XANDER: Damn it!.. You know what? I'm sick of this crap. I'm sick of being the guy who eats the insects and gets the funny syphilis! As of this moment, it's over. I'm finished being everybody's butt monkey!!

BUFFY: Check. No more butt monkey.

While my 112 classes have been reading Bram Stoker's Dracula for the dialogue sequence of our class, I have been dedicated to reading some of the contemporary novels in dialogue with Stoker's original novel. I've now finished 3 of 4 works, these being: The Historian by Elizabeth Kostova, Tim Lucas' The Book of Renfield: a gospel of Dracula and P.N. Elrod's Quincey Morris, vampire. Although both were entertaining, Lucas' work is by far the superior book.

Image hosting by PhotobucketThe Book of Renfield is in essence a continuation and reflection of Stoker's tale. Keeping with the form and language of the novel, Dr. Seward narrates the tale as taking place 10 years following the defeat of Dracula. While time has passed, Seward and the others feel they cannot move on until their tale is told and published via Stoker. Seward primarily reflects on his misery both in losing Lucy to Arthur and then ultimately to Dracula as well as reviews his meetings with new Carfax Asylum patient, Mr. R.M. Renfield and how in these meetings he failed to acknowledge key information that would have drastically changed the results of Dracula's master plan.

While Dracula has become a 20th century icon and Mina a famous literary character in her own right, I, like many others, have always found Renfield a curiosity. Lucas successfully attempts to answer many of those questions about the character first introduced in Dracula. I like what Lucas' has tried to say and found the following quote from the Afterword to be extremely enlightening; (written by Seward's great-grandson) "It is crucial that we remember Dracula not as a pale romantic played by Frank Langella or Gary Oldman, as someone who dressed like a head waiter and mad women swoon by speaking to them of his eternal love. Dracula was not an Elvis rebel in a black leather duster to be longed for like a decadent dessert, but a plague upon humanity ultimately put to permanent death by my ancestor and those closest to him. Dead, yes, but the appetites that gave shape to Dracula live on: the thirst for blood and power, the need for world conquest, death and destruction, horror and apocalypse" (398).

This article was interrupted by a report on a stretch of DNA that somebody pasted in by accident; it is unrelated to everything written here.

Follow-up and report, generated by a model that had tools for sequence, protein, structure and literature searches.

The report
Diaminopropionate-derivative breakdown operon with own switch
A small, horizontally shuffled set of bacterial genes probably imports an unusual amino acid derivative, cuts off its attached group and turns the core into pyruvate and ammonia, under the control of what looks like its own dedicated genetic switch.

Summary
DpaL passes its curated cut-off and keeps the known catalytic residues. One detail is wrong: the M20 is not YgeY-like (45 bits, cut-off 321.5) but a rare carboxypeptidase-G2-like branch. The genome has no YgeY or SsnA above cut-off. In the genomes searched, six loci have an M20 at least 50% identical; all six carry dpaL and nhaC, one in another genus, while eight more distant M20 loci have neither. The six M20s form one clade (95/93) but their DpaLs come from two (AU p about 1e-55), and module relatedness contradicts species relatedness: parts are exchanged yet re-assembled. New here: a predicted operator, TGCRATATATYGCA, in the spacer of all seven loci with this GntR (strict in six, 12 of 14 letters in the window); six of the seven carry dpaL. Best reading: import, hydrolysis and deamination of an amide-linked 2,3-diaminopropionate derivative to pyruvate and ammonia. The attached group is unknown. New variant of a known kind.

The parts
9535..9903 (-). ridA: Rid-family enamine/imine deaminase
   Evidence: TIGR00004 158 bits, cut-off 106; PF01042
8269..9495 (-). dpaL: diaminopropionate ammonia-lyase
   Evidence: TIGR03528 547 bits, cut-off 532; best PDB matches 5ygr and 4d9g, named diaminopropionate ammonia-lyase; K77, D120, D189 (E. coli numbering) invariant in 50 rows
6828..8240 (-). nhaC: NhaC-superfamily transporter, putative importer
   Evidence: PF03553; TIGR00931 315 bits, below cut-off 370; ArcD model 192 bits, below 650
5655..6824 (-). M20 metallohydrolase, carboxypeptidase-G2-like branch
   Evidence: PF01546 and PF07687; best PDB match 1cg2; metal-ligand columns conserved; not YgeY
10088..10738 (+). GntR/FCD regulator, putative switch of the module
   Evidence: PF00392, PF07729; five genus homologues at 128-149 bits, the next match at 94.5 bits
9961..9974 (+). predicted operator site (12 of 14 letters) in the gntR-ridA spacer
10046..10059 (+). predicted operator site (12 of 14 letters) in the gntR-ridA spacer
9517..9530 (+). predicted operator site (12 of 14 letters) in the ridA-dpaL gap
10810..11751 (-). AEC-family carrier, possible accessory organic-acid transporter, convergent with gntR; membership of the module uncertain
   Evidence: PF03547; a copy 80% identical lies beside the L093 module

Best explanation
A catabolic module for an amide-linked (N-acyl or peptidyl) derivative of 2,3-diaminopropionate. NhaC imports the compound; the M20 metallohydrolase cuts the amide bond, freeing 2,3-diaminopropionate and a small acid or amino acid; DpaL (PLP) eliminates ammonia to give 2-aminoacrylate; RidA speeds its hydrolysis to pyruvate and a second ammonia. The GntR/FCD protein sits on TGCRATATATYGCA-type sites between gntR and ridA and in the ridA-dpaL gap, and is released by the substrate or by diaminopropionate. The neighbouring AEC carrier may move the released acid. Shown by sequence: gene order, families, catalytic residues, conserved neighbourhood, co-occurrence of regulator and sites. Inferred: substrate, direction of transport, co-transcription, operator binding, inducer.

On the other hand, Elrod's novel for me is little more than an amusing trade paperback. In it, our beloved Texan, Quincey Morris, rises from the dead because of a brief "relationship" with a sexy vamp named Nora Jones while in South America. Upon his death, he rises, is mentored by Dracula (who really isn't dead), heads back to Europe, reclaims his life convincing his buddies that he really isn't the same kind of vampire as Dracula (more the kind of vamp we know in fiction and film today, not totally evil & basically the same guy - just blood thirsty, easily sunburned, & slightly immortal). It ends in a very happily ever sort of fashion (all are still friends and Quince marries Arthur's sister) but what is interesting is Elrod's villianization of Van Helsing, who refuses to listen to reason and cannot accept any version of the truth but his own.

So, one to go: Mina by Maria Kiraly but I need a break from the story and characters first. My suggestions - If you liked Dracula, definitely read Lucas' work. I liked The Historian but it moves slow, so be patient. Skip Elrod and we'll see about Kiraly.